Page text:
Moving onto theme, Snapfish really surprised me with the variety of choices. I decided on “Graceful” because these photos are so colorful and busy, I knew I needed a simple background. They have two beautiful new templates for Mother’s Day as well. If I weren’t so freaking selfish, I’d go back and make one for my mom.
Once you have a book and theme selected, you are ready for the hard part (I. am. so. lazy.): Making the actual book by laying out each page. Except it wasn’t hard because the interface is so well done. The photos you’ve uploaded and the various page layout choices are in a sidebar on the right. You can easily toggle between them. The book is in the middle. As you play and experiment with pages, the look instantly updates for you. It’s all drag and drop. Hello, twenty-first century!
Remember, I wanted to tell the story of the past thirteen years of Mother’s Day, starting with our marriage in 1999 and ending with our last visit to the flower wall in May 2011. You can see the page layouts sidebar on the right. If I dragged a different layout over, the program instantly updated the page. See where “photos” is underlined. That toggles you back to the photos you uploaded so that you can drag different options in to see what you like.
Yes, I was impressed! But, the BEST feature is the “magic layouts.” I didn’t like this page as I originally created it. The pictures are too small. Snapfish has three “magic layouts” that automatically enlarge the photos you’ve chosen to artfully fit the page. At first, I was confused because when you drag over a magic layout template, your text boxes disappear, but you can add a title to any page by hovering over the page and clicking on “title.” This option instantly brings back your text and allows you to place it where you want it on the page.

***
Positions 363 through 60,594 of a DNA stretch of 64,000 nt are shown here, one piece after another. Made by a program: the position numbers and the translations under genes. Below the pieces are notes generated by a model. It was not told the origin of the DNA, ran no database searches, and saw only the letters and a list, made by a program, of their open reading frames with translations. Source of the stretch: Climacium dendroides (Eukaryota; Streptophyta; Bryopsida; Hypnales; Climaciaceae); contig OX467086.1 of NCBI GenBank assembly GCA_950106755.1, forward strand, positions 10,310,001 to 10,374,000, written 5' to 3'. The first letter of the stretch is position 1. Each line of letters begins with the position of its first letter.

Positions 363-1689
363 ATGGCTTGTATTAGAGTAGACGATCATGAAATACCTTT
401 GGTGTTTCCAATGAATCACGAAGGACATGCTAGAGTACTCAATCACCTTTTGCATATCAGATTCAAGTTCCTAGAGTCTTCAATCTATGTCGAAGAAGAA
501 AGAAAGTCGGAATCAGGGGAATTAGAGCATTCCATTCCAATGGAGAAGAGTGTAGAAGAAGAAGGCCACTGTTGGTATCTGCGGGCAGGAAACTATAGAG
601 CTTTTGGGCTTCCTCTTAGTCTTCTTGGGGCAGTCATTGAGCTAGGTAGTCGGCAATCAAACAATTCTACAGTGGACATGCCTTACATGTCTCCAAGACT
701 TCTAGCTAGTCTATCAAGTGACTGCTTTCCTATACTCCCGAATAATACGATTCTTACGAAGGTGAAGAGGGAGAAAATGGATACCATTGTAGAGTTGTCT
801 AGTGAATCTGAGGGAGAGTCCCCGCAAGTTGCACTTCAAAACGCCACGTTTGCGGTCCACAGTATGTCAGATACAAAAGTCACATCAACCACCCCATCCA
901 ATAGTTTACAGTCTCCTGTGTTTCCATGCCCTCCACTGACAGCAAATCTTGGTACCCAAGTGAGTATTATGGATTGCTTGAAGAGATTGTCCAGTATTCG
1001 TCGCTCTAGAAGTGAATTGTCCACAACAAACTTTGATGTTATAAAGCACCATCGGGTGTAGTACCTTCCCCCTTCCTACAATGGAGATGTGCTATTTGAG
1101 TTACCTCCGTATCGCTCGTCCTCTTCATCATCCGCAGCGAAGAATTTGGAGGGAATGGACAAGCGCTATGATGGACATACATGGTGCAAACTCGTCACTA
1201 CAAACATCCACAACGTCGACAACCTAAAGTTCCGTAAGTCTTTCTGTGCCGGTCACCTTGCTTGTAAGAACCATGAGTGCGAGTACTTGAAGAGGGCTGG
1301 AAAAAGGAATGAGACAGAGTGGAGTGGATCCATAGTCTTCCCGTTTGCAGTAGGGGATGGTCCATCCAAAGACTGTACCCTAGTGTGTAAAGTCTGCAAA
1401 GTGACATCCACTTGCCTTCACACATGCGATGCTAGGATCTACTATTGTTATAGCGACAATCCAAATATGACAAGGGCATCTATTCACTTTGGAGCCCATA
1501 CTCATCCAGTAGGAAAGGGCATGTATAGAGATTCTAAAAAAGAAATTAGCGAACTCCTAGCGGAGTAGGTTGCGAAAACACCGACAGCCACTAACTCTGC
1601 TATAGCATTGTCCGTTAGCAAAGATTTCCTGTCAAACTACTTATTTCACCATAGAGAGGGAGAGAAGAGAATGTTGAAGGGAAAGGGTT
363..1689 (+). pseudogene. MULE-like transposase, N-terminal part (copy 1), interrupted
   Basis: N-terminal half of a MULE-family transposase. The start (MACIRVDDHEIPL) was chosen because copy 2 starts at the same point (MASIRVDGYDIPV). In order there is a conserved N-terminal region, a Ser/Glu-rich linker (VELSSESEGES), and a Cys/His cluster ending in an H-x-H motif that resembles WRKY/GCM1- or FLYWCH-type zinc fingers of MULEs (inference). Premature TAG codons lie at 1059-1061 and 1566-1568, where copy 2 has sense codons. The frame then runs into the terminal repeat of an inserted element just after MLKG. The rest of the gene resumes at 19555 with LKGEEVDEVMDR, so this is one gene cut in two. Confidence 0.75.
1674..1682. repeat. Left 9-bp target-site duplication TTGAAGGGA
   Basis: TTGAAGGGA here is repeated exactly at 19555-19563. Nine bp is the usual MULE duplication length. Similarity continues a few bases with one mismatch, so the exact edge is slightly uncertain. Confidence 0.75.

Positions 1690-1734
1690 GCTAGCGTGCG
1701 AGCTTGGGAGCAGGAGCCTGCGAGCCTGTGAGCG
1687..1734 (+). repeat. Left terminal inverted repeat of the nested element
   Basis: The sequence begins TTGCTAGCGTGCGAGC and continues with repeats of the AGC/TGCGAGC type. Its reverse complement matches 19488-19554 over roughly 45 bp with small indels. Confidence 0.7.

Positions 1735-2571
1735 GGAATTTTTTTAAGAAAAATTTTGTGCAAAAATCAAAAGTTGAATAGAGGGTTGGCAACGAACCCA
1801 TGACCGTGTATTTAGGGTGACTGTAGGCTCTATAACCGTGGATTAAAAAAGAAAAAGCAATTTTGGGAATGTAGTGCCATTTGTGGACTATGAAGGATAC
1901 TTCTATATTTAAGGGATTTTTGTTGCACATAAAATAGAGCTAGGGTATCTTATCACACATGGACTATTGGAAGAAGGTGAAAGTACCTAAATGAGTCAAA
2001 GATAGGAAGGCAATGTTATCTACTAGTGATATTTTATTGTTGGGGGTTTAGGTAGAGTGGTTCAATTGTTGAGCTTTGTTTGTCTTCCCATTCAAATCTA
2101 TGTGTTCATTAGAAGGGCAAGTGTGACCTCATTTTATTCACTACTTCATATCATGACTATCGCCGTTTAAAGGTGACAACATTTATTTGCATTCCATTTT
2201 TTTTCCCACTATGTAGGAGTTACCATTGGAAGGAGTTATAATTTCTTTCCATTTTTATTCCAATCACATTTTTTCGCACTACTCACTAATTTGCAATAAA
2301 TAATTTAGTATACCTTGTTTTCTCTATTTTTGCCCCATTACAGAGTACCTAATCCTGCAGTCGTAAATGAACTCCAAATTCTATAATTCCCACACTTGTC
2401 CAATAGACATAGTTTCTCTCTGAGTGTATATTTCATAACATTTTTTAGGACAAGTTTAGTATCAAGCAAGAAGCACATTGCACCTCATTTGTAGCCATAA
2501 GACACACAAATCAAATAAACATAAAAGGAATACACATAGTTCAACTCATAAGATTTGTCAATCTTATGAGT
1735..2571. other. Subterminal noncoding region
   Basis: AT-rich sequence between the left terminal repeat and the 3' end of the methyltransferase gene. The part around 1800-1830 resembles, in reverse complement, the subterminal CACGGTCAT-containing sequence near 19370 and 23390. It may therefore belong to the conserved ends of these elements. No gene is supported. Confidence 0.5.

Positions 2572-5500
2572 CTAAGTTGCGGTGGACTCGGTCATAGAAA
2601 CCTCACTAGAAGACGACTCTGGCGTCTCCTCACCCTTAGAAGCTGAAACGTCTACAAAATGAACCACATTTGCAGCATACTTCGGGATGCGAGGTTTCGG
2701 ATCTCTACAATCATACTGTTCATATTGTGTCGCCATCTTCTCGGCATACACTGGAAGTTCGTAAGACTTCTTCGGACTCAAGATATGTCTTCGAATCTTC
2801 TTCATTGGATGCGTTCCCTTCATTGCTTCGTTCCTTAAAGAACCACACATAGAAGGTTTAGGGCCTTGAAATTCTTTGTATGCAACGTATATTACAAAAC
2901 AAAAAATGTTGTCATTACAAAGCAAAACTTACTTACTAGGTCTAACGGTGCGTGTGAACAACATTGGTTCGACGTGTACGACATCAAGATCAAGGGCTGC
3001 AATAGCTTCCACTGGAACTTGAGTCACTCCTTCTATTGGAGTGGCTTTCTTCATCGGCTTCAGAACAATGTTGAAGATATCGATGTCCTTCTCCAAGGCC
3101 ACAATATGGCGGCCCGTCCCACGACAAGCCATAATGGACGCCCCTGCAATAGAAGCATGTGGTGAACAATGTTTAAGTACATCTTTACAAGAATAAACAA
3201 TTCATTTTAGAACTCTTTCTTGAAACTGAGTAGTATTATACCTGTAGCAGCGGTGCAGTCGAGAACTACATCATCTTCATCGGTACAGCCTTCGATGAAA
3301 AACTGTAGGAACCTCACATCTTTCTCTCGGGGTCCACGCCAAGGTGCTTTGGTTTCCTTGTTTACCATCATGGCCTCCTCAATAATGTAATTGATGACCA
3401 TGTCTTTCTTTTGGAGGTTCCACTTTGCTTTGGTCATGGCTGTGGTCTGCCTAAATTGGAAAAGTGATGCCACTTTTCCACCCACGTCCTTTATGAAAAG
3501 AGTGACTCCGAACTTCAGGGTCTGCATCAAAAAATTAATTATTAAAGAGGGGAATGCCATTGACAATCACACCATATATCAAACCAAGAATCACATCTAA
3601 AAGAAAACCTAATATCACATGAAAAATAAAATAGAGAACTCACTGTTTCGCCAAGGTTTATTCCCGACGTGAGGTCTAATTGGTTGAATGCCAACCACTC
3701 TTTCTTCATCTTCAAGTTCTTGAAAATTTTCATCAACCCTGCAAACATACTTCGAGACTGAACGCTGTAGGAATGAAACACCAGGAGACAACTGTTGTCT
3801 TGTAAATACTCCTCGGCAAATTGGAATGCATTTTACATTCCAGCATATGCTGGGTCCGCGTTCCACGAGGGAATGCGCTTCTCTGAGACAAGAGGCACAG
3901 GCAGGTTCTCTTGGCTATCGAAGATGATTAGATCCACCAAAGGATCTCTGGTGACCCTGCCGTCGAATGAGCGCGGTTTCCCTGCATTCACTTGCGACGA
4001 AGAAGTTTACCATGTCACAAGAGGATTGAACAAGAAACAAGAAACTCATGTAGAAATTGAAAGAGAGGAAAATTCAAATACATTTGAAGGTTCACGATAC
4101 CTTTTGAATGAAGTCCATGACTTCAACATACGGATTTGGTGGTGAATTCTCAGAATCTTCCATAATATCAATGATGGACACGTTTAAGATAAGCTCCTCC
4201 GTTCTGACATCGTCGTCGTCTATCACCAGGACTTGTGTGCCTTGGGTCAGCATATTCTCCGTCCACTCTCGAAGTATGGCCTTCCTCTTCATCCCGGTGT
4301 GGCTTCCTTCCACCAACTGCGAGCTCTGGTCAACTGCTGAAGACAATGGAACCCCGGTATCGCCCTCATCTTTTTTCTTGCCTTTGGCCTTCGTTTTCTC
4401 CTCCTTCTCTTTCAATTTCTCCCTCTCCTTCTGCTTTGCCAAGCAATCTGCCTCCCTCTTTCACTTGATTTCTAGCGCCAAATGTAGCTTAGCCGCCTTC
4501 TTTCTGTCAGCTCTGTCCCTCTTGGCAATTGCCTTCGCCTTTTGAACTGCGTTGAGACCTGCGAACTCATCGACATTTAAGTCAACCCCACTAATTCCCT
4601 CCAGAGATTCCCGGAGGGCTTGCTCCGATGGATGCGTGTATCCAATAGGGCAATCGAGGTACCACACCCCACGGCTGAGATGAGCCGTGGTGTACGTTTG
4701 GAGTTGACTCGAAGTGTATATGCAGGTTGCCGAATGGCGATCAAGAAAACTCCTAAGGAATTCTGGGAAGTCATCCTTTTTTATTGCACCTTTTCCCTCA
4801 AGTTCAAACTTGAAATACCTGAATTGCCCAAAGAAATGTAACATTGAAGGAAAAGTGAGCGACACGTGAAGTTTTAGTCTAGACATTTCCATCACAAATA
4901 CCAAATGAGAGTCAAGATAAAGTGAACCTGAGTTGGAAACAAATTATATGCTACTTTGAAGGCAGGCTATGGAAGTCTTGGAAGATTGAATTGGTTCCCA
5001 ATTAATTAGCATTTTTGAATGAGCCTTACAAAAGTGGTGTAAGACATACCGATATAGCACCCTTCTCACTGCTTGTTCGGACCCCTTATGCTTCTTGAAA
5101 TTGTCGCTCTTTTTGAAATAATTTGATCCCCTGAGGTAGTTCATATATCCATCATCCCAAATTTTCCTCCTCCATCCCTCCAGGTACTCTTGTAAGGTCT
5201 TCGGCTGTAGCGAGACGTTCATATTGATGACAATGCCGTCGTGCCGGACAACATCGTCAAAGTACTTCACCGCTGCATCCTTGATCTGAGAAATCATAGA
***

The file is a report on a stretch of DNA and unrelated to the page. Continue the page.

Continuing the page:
After applying the magic layout and title functions to the wedding page, I had this. Cool right?
We’ve dragged the kids down to the flowering wall in the park every May from 2006 to 2011, so I had a lot of material. For some years, I had as many as 15 pictures to fit on one layout. The magic layout and shuffle features (both of which automatically rearrange and re-size photos on a page) really helped me with this. It turned out beautifully.
Look at this multiple photo layout from May 2006. (Saige was still in the orphanage in May 2006, but she was already ours.) I’ve highlighted another neat feature with arrows on this page. I had uploaded 85 pictures for this book, mostly of the kids in the flowers and they were such similar shots. I had trouble keeping the years straight. Snapfish puts that green check on each picture as you drop it into the book so that you know which shots you’ve already used. Handy.
Here’s another from May 2009. I’m pregnant with Nate . Our sweet, little family is almost complete.
The finished page. Yes, I did include a picture of Garrett watering the flowers.
Sigh. Most of you know that we wanted more children and it was not to be. Funnily enough, Listen To Your Mother Spokane, my baby of another sort, was born on Mother’s Day 2011 – the month when our next child might have been born had we stayed on our every-two-year track. The show pierced through the gloom of learning that same week that we were unable to have any more children. And LTYM Spokane will turn one on Mother’s Day, May 13, 2012. I told you, May is a big month for me.
I don’t endorse things easily, particularly not computer-related things because I am so technologically-challenged. If you haven’t made a photobook before, go to Snapfish and make yourself one for Mother’s Day. Happy child-bearing to you! Or be less selfish than me and make one for a mother whom you love. If you already love photobooks, try this interface. You will probably discover features that a newbie like me can’t fathom. I thoroughly enjoyed this process and I can’t wait to see the final book.